della Porta, Donatella. 2022. Contentious Politics in Emergency Critical Junctures: Progressive Social Movements during the Pandemic. Cambridge University Press. Social movements have often played an important role in emergencies, mobilizing in defense of those rights that they perceive as being at risk or more urgently needed than ever. In general, progressive social movements develop in moments of intense change, mobilizing with the aim of turning them to their advantage. the variable mix of challenges and opportunities related to a critical juncture. The specific balance of challenges and opportunities faced by progressive social movements during the Covid-19 crisis is a central question addressed in this volume. Based on existing research on the first phases of the pandemic Covid-19, this Element addresses the ways in with the health emergency had an impact on the repertoire of action, the organizational networks and the collective framing of progressive social movements that adapted to the pandemic conditions and the related crises, but also tried to transform them.
Calhoun, Craig, Dilip Gaonkar, and Charles Taylor. 2022. Degenerations of Democracy. Harvard University Press. Three leading thinkers analyze the erosion of democracy’s social foundations and call for a movement to reduce inequality, strengthen inclusive solidarity, empower citizens, and reclaim pursuit of the public good. Democracy is in trouble. Populism is a common scapegoat but not the root cause. More basic are social and economic transformations eroding the foundations of democracy, ruling elites trying to lock in their own privilege, and cultural perversions like making individualistic freedom the enemy of democracy’s other crucial ideals of equality and solidarity. In Degenerations of Democracy three of our most prominent intellectuals investigate democracy gone awry, locate our points of fracture, and suggest paths to democratic renewal. The authors call for bold action building on projects like Black Lives Matter and the Green New Deal. Policy is not enough to save democracy; it will take movements.
Calhoun, Craig and Benjamin Fong. 2022. The Green New Deal and the Future of Work. Columbia University Press. Catastrophic climate change overshadows the present and the future. Wrenching economic transformations have devastated workers and hollowed out communities. However, those fighting for jobs and those fighting for the planet have often been at odds. Does the world face two separate crises, environmental and economic? The promise of the Green New Deal is to tackle the threat of climate change through the empowerment of working people and the strengthening of democracy. In this view, the crisis of nature and the crisis of work must be addressed together—or they will not be addressed at all.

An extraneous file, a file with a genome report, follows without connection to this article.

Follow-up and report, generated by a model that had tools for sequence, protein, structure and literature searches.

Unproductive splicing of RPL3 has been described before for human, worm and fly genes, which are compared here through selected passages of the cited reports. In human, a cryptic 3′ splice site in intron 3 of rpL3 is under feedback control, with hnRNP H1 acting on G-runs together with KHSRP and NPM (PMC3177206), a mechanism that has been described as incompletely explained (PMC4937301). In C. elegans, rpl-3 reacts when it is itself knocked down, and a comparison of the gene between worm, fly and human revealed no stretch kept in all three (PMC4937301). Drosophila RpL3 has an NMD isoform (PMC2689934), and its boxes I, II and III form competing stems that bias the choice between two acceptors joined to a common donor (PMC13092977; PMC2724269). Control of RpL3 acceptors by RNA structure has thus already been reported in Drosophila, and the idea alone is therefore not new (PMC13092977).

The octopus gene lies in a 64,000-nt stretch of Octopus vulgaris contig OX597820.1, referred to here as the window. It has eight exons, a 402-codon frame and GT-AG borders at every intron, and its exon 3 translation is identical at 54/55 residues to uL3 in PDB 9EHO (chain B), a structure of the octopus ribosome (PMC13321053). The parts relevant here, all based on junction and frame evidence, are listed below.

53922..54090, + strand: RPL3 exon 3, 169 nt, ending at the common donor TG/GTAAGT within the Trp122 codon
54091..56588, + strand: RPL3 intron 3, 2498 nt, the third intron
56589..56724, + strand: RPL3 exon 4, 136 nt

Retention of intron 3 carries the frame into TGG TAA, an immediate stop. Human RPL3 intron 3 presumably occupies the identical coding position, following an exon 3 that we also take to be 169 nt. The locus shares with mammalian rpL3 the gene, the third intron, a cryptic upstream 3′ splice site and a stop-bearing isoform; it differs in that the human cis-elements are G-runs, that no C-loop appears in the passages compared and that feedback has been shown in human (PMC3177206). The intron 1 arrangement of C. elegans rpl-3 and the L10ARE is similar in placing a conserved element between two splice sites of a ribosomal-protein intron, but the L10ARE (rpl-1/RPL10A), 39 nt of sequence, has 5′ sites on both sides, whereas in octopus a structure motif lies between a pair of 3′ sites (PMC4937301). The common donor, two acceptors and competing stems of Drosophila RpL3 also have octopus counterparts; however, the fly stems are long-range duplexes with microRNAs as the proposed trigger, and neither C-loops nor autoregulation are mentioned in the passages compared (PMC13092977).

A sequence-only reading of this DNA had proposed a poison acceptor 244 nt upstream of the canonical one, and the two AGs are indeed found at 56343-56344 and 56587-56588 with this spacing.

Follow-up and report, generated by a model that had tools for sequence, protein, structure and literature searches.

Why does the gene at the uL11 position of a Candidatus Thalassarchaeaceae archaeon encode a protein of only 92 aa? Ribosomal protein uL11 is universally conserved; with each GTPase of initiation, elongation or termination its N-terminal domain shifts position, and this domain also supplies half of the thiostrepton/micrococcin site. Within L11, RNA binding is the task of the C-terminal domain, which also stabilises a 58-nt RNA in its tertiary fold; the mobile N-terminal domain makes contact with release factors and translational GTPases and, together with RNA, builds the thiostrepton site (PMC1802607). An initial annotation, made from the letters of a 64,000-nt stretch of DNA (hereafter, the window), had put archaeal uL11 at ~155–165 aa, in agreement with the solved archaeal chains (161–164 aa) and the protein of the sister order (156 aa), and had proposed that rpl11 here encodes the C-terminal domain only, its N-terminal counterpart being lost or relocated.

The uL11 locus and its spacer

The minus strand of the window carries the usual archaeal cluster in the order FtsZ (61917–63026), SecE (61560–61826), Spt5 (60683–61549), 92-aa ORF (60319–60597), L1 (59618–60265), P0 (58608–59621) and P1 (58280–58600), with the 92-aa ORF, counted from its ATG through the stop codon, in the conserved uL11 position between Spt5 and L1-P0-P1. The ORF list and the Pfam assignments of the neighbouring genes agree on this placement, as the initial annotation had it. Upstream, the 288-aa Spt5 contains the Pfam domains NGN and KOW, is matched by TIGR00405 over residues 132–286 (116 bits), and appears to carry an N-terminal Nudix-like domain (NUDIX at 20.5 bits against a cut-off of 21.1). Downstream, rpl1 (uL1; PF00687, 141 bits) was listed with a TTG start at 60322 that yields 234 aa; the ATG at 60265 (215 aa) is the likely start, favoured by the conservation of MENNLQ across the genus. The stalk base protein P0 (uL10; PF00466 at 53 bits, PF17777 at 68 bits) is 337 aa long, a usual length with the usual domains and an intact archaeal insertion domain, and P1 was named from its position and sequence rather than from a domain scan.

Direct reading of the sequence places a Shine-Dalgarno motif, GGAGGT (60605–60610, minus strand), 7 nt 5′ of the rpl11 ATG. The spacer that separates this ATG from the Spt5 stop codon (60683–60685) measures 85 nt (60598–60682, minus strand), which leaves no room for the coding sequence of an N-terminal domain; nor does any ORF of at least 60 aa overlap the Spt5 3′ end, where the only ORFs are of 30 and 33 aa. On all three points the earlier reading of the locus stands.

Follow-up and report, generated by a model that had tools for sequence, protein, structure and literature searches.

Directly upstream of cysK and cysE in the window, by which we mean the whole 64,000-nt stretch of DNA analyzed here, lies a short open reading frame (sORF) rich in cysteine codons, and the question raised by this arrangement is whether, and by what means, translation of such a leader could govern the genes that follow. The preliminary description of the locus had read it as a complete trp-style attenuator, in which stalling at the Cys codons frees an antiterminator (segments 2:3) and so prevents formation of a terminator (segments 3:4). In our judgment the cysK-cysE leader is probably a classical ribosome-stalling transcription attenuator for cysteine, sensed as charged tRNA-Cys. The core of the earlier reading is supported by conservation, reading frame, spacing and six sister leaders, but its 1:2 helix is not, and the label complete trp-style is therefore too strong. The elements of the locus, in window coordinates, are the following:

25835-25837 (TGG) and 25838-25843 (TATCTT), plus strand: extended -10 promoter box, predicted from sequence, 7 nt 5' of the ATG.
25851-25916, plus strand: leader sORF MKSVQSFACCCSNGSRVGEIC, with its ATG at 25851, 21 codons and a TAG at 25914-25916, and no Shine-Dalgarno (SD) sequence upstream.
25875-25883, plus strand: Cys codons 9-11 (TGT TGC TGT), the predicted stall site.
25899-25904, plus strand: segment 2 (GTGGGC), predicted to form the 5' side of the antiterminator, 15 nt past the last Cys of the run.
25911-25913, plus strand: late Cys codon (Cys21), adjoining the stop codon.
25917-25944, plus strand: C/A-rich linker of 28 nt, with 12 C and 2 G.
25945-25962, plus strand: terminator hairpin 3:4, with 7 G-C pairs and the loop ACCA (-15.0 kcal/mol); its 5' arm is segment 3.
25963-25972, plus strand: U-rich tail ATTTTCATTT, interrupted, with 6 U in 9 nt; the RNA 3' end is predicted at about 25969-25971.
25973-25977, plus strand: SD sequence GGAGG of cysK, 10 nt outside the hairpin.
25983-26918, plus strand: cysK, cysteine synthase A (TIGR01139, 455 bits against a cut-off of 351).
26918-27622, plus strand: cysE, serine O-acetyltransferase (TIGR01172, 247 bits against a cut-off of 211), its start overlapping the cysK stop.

Poulson, Stephen C. 2021. Racism on Campus: A Visual History of Prominent Virginia Colleges and Howard University. New York: Routledge Press. Drawing on content from yearbooks published by prominent colleges in Virginia, this book explores changes in race relations that have occurred at universities in the United States since the late 19th century. It juxtaposes the content published in predominantly White university yearbooks to that published by Howard University, a historically Black college. The study is a work of visual sociology, with photographs, line drawings and historical prints that provide a visual account of the institutional racism that existed at these colleges over time. It employs Bonilla-Silva’s concept of structural racism to shed light on how race ordered all aspects of social life on campuses from the period of post-Civil War Reconstruction to the present. It examines the lives of the Black men and women who worked at these schools and the racial attitudes of the White men and women who attended them. As such, Racism on Campus will appeal to scholars of sociology, history and anthropology with interests in race, racism and visual methods.
Kalberg, Stephen. 2021. Max Weber’s Sociology of Civilizations. Routledge. This volume examines civilizations through the broad lens articulated by the works of Max Weber. In focusing upon his comparative-historical mode of analysis and his causal explanations for the sources, contours, and trajectories of civilizations, this study reconstructs Weber’s sociology in a manner that provides clear guidelines to researchers seeking to investigate civilizations systematically. Through detailed interpretations of the West’s unique development from Antiquity to the Modern era, precise comparisons to the long-range and singular pathways taken by China and India, and careful demarcations of the “particular rationalisms” of several civilizations, the author addresses Weber’s powerful model-building on the one hand and his opposition to organic holism and structural presuppositions on the other hand. Both a broad-ranging conceptual framework and case-based empirical investigations are pivotal to Weber. His research strategy emphasizes further the “subjective meanings” of actors East and West and the deep cultural origins of groups. Finally, this volume masterfully conveys Weber’s contextual and multi-causal methodology rooted in a tight interweaving of the present with the past. Max Weber’s Sociology of Civilizations: A Reconstruction will appeal to comparative sociologists and historians, as well as to theorists of all persuasions. The social scientist pursuing a cross-civilizational agenda will here discover the distinct contribution of Weber’s “interpretive understanding” procedures to the now-essential field of civilizational analysis.